BOSTON — Back in late August of 2011, an overly-hyped 19-year-old named Bryce Harper created a buzz at Hadlock Field, appearing with the Harrisburg Senators (though he was injured and did not play).

In that same month, the Red Sox signed their own 19-year-old, an infielder drafted in the fifth round. Few took notice when Boston offered $700,000 to Mookie Betts, convincing him give up his baseball scholarship to the University of Tennessee.

Betts eventually reached Hadlock Field in 2014 and, a year later, he crossed paths with Harper at Fenway Park.

Actually, Betts got in the way of a ball hit by Harper – more specifically a long fly ball in the first inning that was going to land in the Red Sox bullpen for a two-run homer.

But the ball never made it. Betts, now a center fielder, leaped in front of the wall in right-center field and his glove swallowed Harper’s blast.

“He’s got ups,” Harper said. “It’s pretty impressive to see him jump over the wall like that and rob a home run … Great players make great plays.”


Betts was hardly done, making the most of his first home opener at Fenway.

He walked in the first inning and stole two bases on the same play, before scoring.

In the second inning, Betts turned on an inside fastball from Jordan Zimmermann and sent it quickly over the Monster for a three-run homer.

In the third inning, he grounded a single for another RBI.

“The first two or three innings, Mookie took the game over, defensively, base-running, at the plate,” Boston Manager John Farrell said. “Exciting player.”

In the fifth inning, Betts sizzled a line drive out to center fielder Michael Taylor. In the seventh inning, Betts showed mortality and struck out.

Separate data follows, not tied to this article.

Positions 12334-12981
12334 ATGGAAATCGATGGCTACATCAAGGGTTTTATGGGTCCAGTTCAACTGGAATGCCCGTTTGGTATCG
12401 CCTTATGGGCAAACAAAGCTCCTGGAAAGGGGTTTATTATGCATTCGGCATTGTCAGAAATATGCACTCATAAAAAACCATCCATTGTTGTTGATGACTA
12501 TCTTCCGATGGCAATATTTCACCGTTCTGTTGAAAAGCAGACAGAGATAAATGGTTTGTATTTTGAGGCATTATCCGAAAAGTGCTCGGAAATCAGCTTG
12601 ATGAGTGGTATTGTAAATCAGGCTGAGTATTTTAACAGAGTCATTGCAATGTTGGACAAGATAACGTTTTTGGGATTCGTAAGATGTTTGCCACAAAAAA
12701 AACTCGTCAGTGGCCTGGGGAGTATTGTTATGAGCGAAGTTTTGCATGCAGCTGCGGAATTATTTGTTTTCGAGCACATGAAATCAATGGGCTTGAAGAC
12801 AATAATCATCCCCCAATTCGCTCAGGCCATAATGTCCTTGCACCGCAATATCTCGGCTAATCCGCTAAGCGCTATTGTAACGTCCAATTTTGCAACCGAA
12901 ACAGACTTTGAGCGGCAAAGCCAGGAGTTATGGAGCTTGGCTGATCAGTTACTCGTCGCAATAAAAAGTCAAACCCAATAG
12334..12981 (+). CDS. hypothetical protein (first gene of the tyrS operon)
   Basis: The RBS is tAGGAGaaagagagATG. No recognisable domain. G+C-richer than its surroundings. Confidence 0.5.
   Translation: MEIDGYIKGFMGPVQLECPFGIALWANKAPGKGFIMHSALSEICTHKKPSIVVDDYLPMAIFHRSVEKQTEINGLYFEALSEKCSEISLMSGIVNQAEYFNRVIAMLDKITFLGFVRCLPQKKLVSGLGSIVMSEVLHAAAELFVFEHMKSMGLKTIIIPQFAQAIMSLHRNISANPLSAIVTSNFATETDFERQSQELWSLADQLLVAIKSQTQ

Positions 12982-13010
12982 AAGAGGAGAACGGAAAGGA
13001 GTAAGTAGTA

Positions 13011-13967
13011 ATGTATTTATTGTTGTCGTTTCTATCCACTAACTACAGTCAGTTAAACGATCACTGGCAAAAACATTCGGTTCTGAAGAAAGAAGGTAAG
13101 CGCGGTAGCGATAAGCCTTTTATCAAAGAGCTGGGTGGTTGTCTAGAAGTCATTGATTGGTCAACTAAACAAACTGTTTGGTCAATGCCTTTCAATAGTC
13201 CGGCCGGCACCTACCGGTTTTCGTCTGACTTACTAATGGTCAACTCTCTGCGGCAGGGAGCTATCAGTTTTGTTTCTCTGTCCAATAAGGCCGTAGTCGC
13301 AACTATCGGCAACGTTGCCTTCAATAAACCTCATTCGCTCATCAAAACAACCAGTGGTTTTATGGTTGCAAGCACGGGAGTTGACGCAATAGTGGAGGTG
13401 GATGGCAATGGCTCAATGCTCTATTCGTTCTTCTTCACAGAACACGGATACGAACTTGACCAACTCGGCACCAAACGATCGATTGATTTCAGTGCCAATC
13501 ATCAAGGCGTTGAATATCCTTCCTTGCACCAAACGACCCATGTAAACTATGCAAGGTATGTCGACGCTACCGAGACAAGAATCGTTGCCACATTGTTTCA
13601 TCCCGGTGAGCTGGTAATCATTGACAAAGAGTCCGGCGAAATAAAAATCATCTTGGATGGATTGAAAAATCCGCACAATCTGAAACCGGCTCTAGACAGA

He finished 2 for 4 with a walk, home run, four RBI and two stolen bases – and, oh, that catch.

“That was a game-changer,” Boston starting pitcher Rick Porcello said. “That could have meant two runs and put us in an early hole.”

“The way (Betts) played today, it was a lot of fun to watch. He pretty much did everything.”

Betts, who is only 5-foot-9 but can dunk a basketball, said the ball was high, giving him time to reach the wall.

Betts is wowing them in Boston like he thrilled those at Hadlock in April and May last year.

He is the spark that Boston has needed since it lost Jacoby Ellsbury to free agency and the Yankees after the 2013 season.


Remember Ellsbury’s electrifying steal of home at Fenway in 2009? Another Hadlock-to-Fenway dynamo, Ellsbury was must-see viewing when he raced around the bases.

So is Betts.

Betts gave a hint of his speed and daring last July with his infield double at Fenway. He beat out a ground ball and, when he noticed no one was covering second base, took off and made it.

In the first inning Monday, with Betts on first and the Nationals in their shift against David Ortiz, Betts stole second.

He slid in safely , immediately popped up and looked at third base. Sure enough, no one was covering third and Betts took off. Zimmermann ran over to cover, but his tag was too late.

“Once I knew I was safe (at second), I looked up to see where the pitcher was and he was hanging around the mound,” Betts said. “So I figured I would go.”


The Nationals challenged the play, but Betts was safe. He scored on Ortiz’s single.

At the plate, Betts has been struggling with breaking balls (he’s batting .233).

But give him a fastball …

In the second inning, Zimmermann came inside with heat. Betts pounced.

“The home run he hit was a fastball in, off the plate,” Porcello said. “You don’t see too many guys turn on a ball like that.”

After the game, Betts was mobbed by reporters, asking him about every play, about his career, and even what he had for breakfast (omelet, two pancakes).

But Betts quickly put matters in perspective. Yes, he has two home runs this year. He has also struck out eight times.

“I’m confident but I keep on swinging at sliders in the dirt,” Betts said. “There are positives, but I look at what I have to work on.”


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